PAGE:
Light pollution is usually associated with big towns and cities. But a new kind of light pollution map shows it’s also a problem in rural areas, including in the Mountain West.
New Mexico-based cartographer Tim Wallace, with the data visualization company Descartes Labs, recently created a map that merges nighttime light imagery and population data. That revealed “areas that create an outsized amount of light per person living there," he wrote on Twitter.
“There were definitely some spots in the Mountain West,” Wallace said. “In Colorado I remember one in particular where it was not labeled on Google Maps or on OpenStreetMap. You look at it overhead on high-resolution satellite imagery and it just looks like some kind of complex.”
Those complexes tend to be oil and gas operations, suburbs and even greenhouses. The Bakken oil patch in western North Dakota, for example, where drillers are flaring record amounts of natural gas, is the most conspicuous cluster of light on Wallace’s map.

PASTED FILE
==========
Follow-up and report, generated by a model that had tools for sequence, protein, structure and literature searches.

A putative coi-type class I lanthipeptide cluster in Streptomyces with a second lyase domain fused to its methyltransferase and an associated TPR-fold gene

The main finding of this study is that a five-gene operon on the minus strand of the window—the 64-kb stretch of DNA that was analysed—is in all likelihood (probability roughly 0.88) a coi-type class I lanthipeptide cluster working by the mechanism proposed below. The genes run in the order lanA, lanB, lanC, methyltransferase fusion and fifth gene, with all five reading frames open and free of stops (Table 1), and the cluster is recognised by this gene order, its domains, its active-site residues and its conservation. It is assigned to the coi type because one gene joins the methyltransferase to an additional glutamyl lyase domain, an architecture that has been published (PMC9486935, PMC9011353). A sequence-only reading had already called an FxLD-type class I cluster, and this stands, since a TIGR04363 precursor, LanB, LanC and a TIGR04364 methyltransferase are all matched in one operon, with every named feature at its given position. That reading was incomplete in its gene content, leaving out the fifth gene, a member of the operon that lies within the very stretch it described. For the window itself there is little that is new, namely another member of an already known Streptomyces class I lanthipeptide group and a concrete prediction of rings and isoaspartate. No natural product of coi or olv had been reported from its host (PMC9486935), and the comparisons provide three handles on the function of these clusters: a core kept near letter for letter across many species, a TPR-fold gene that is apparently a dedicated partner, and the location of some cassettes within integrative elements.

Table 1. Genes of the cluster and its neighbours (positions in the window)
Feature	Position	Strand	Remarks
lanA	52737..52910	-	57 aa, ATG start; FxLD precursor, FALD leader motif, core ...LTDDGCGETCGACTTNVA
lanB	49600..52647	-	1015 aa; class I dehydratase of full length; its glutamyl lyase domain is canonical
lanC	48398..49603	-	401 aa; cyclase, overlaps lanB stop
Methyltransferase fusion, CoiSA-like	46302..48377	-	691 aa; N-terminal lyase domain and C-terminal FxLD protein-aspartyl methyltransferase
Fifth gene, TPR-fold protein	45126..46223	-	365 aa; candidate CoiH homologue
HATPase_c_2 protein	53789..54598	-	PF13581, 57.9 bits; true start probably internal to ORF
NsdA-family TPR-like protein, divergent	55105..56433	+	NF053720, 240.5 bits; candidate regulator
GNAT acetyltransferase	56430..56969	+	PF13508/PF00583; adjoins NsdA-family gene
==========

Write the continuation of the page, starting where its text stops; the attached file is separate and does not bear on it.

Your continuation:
Greenhouses growing leafy greens and cannabis stand out, too. That rural light pollution increasingly concerns John Barentine of the International Dark-Sky Association, who says it has negative effects on wildlife.
“Whether they’re plants or animals or insects, it’s all across the biological world,” Barentine said. “Which is just a reflection of the fact that our biology on this planet grew up in an environment where for billions of years there were only natural sources of light at night.”
But he says simple measures like using blinds for greenhouses could mitigate the problem, helping to preserve the region’s iconic night sky for years to come.
This story was produced by the Mountain West News Bureau, a collaboration between Wyoming Public Media, Boise State Public Radio in Idaho, KUER in Salt Lake City, KUNR in Nevada, the O’Connor Center For the Rocky Mountain West in Montana, and KRCC and KUNC in Colorado.